Facebook announced that it's taking an additional step to reduce false news and hoaxes on its platform, by disallowing companies to advertize if they repeatedly share stories marked as false. This ads to Facebook's current policy of disallowing advertisers to run ads that link to stories that have been marked as false by third-party fact-checking organizations.
The update, according to a blog post by the social media giant, will help to reduce the distribution of false news which will keep pages that spread false news from making money. Facebook said it found instances where sites were using Facebook ads to build their audiences in order to distribute false news more broadly.
Now, if a site repeatedly shares stories marked as false, they won't be able to buy ads on Facebook. However, if those pages stop sharing false news, Facebook said they "may be eligible to start running ads again."
Facebook said: "False news is harmful to our community. It makes the world less informed and erodes trust." The Californian company said it's working to fight the spread of false news in three key areas: disrupting the economic incentives to create false news; building new products to curb the spread of false news; and helping people make more informed decisions when they encounter false news.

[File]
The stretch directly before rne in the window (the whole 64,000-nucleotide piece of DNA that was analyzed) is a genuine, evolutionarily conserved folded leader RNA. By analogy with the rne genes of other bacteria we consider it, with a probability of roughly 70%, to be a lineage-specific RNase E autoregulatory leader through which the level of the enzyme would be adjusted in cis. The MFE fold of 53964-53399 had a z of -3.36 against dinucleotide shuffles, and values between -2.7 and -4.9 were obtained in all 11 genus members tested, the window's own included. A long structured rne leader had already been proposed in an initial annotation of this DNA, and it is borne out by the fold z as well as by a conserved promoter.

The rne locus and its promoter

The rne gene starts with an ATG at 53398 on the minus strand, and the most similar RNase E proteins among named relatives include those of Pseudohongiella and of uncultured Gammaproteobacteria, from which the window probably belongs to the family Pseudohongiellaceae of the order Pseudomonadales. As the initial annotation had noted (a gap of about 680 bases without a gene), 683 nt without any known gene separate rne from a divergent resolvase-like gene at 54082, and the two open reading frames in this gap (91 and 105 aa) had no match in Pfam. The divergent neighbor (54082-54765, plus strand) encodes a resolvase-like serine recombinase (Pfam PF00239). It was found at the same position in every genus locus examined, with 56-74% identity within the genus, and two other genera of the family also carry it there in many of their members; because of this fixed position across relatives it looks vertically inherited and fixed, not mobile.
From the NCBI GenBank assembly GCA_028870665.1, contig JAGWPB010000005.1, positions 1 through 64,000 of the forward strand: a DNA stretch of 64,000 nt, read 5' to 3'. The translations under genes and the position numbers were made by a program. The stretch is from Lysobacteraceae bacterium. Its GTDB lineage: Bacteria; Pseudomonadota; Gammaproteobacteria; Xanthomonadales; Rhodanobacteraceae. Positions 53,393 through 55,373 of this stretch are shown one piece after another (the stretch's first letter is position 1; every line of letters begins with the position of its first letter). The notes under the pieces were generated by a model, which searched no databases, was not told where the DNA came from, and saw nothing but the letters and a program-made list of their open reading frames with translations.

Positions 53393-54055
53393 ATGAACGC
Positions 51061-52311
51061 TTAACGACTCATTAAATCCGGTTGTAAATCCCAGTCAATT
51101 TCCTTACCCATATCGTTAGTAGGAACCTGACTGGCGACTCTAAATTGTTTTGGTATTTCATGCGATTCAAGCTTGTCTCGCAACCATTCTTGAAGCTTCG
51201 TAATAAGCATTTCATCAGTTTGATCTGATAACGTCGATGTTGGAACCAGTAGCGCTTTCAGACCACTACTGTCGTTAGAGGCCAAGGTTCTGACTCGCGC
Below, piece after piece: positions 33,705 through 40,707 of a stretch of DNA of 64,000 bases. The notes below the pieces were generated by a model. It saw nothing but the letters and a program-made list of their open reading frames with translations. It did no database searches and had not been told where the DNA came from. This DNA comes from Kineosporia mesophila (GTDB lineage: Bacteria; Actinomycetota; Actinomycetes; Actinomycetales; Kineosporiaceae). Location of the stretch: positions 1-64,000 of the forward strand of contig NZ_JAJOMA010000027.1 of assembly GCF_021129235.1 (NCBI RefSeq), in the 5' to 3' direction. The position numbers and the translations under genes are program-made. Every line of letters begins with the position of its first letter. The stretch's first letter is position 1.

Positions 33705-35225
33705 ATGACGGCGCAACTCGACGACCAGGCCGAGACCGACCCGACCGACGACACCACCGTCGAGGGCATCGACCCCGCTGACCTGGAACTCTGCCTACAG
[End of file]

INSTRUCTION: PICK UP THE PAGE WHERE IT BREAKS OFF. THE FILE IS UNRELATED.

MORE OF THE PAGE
The company announced a new tool in December 2016 which would enable users to report false news stories that appear on the social media site. Facebook has been criticized in the past for its failure to prevent the volume of fake stories going viral on its platform.
"Today's update helps to disrupt the economic incentives and curb the spread of false news, which is another step towards building a more informed community on Facebook," the company said of its latest initiative.